Home Balls What tennis balls do you use?

What tennis balls do you use?

by Jonas Eriksson

What tennis balls do you use? Some don’t even know, they just play with “whatever”. The tennis balls can be quite important.

It took me a few years of tennis playing to understand how important it is to change balls relatively often. Playing with overly-used and worn tennis balls can lead to injury. They will lose the felt and become soft and lack liveliness and bounce. I play with the same balls twice generally and I currently use HEAD Tour XT balls. They are durable, feels good on the arm and has a bit more weight to them. I also like Dunlop Fort All Court for example.

What tennis balls a tournament uses is not trivial for the players. I wrote about Nadal’s complaints about the French Open balls here. And in today’s match against Dusan Lajovic in Rotterdam, Daniil Medvedev complained loudly and frequently about the Tecnifibre X-One balls (his sponsor). He even complained in French, probably to drive the point home to Tecnifibre even further.

It’s a money thing

On the ATP Tour, the balls used is a money thing. To get the tournament to use your balls, you will need to write a nice, big sponsor cheque. Nothing strange about that, but the players don’t have any say in the balls chosen. From what I have heard, Medvedev was not alone in voicing complaints about the Tecnifibre X-One balls. I have never used them myself, so I don’t really have an opinion about them, but they are said to be lively and pretty light for “Tour” balls. This is what tournament director Richard Krajicek said about the balls.

“It’s a very good ball. Lively and durable, tennis players like it very much.”

Maybe tennis players in general, but not Daniil Medvedev.

I am personally a fan of heavier balls because I get more control out of them. But it all depends on the circumstances. If you play with a heavy ball in heavy conditions, it might get too much. And if you play with a lively and light ball on a hot sunny day on a clay court, it’s not ideal either. Like with everything, you need to find a balance of the conditions and the ball. I am not sure how Rotterdam’s court plays in relation to the balls, but it might be a mismatch.

What tennis balls do you play with? Do you have a favorite or it doesn’t matter?

Ps. If you want to support Tennisnerd, you can buy tennis balls, racquets or other gear with one of our affiliates and we get a small commission. Thanks! Ds.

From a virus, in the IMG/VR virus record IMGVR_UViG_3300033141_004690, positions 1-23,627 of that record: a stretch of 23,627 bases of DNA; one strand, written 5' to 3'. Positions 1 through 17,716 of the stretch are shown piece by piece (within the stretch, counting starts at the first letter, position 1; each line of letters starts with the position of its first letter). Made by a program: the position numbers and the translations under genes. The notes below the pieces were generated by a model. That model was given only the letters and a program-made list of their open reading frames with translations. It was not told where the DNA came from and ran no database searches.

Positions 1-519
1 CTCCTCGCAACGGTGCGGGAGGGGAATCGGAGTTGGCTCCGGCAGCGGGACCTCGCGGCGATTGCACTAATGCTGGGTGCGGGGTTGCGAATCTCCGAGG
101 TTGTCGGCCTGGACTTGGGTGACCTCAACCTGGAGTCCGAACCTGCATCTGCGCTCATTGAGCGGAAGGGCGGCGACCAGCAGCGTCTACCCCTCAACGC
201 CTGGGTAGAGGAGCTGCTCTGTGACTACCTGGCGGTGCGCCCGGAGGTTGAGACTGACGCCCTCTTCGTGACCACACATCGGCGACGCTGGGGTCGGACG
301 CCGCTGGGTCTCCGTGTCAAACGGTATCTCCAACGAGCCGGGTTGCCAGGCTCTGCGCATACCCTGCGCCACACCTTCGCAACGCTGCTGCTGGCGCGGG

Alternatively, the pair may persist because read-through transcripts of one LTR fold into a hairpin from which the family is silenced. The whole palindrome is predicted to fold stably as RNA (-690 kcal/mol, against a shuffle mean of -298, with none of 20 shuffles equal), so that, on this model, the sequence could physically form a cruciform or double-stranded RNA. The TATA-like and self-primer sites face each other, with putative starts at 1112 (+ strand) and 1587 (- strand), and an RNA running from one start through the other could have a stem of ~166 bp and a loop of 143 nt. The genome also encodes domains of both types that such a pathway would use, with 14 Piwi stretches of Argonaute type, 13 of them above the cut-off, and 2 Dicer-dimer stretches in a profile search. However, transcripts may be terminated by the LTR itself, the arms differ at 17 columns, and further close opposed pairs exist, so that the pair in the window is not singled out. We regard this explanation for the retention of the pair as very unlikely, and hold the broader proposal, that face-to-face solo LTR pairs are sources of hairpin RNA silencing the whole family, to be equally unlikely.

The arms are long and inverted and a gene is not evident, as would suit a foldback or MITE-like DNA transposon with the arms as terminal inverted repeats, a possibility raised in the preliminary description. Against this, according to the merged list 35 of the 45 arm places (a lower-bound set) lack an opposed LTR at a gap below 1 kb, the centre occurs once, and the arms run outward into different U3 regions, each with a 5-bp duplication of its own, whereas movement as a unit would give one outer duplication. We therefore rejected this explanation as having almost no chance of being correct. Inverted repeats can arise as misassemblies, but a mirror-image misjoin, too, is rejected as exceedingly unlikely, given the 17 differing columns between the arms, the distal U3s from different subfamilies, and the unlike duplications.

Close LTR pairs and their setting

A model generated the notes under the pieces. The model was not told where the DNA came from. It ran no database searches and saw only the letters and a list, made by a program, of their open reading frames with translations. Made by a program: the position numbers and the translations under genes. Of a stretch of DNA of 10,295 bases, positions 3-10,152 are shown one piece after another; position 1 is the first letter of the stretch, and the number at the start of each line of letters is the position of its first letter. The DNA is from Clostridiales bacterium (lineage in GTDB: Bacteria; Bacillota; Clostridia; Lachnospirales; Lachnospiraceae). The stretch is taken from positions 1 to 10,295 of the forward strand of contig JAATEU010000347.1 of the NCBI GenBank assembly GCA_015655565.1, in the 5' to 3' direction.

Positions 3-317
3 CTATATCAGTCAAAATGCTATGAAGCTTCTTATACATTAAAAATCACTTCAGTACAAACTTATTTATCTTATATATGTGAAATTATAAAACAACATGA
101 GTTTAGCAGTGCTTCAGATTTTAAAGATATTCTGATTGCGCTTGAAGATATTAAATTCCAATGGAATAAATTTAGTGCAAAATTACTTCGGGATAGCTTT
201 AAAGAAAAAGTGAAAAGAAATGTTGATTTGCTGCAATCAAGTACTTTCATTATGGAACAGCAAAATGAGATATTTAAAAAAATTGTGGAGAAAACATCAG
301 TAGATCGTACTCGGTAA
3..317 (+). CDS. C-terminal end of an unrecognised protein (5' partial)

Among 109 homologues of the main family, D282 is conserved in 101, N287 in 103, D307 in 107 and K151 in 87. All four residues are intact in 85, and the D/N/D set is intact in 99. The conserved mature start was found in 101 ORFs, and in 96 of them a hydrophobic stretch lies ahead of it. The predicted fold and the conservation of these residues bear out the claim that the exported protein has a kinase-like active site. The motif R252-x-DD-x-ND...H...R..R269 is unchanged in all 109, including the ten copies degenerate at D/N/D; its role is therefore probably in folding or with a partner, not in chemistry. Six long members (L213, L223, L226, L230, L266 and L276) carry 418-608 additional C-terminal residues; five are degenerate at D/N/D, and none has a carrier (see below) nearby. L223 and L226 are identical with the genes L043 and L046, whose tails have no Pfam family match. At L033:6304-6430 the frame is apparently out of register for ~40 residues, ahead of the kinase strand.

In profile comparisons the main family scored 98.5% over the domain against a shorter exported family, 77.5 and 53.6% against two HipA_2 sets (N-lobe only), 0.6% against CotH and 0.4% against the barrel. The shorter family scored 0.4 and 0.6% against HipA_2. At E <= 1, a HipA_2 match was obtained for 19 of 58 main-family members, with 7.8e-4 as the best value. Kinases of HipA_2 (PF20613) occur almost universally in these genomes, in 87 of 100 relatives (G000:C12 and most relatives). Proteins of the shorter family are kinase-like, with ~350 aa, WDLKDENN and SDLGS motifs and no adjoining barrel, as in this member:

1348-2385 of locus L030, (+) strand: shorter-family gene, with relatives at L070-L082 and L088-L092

Tennis Warehouse
Tennis Warehouse Europe
Tennis Only

You may also like


Dubo March 4, 2021 - 15:35

Generally I’m a fan of a lot of various Dunlop tennis balls. They have great durability and feel comfortable. I’ve tried pretty much all the brands out there and Tecnifibre ones are on the lower spectrum of my preference together with RS. Tretorn serie + control is also on the top of my list.

Lucas March 4, 2021 - 16:55

Wimbledon Slazenger ball is on top of the list.
US open
Dunlop Grand Prix all court

Saša March 4, 2021 - 20:53

Tf X-One is a hard ball for hard hitting, it really needs to be hit properly, but is very nice, has a nice control and trajectory, and lasts a lot, it doesn’t fluff up or soften too much. Players who don’t like to drive the ball and depend on redirecting, absorbing pace and defending won’t like it. Medvedev is one of them. When he hit the ball proper it went in, when he tried to just block it it didn’t. Combined with a slower surface, it didn’t give him much to work with, but he was imploding emotionally anyway. After AO final he most definitely needs rest.

Players who prefer to hit hard, like Rublev, Khachanov, Wawrinka etc. will definitely like the ball. Krajicek knows it, and players have in fact said that they really like the ball several times over the years. Monfils won two times in a row, and he was really attacking and hitting it, he played great. With a slow half dead ball – like Dunlop Australian Open – such tennis is a no-go, and Novak will win 10 more AO’s with it.

Woz March 5, 2021 - 12:04

My favorites are Wilson Titanium All Court. Lively, long lasting and only $1.92 a can. Apparently a well kept secret.

J March 7, 2021 - 16:28

Robin Soderling Black Series ball and Head Tour XT (Pro Penn Marathon in US?) ball i would have at the top of my list of well weighted high quality balls. Top end price point though.
Dunlop Aus Open and ATP are nice balls but perhaps not straight out of the can, then need a few minutes hitting. Mid range price point.
Head Championship (Penn1 in US?) seem to have nice weight and also lively bounce yet pliable rather than brick like on the string contact and are good value.


Leave a Comment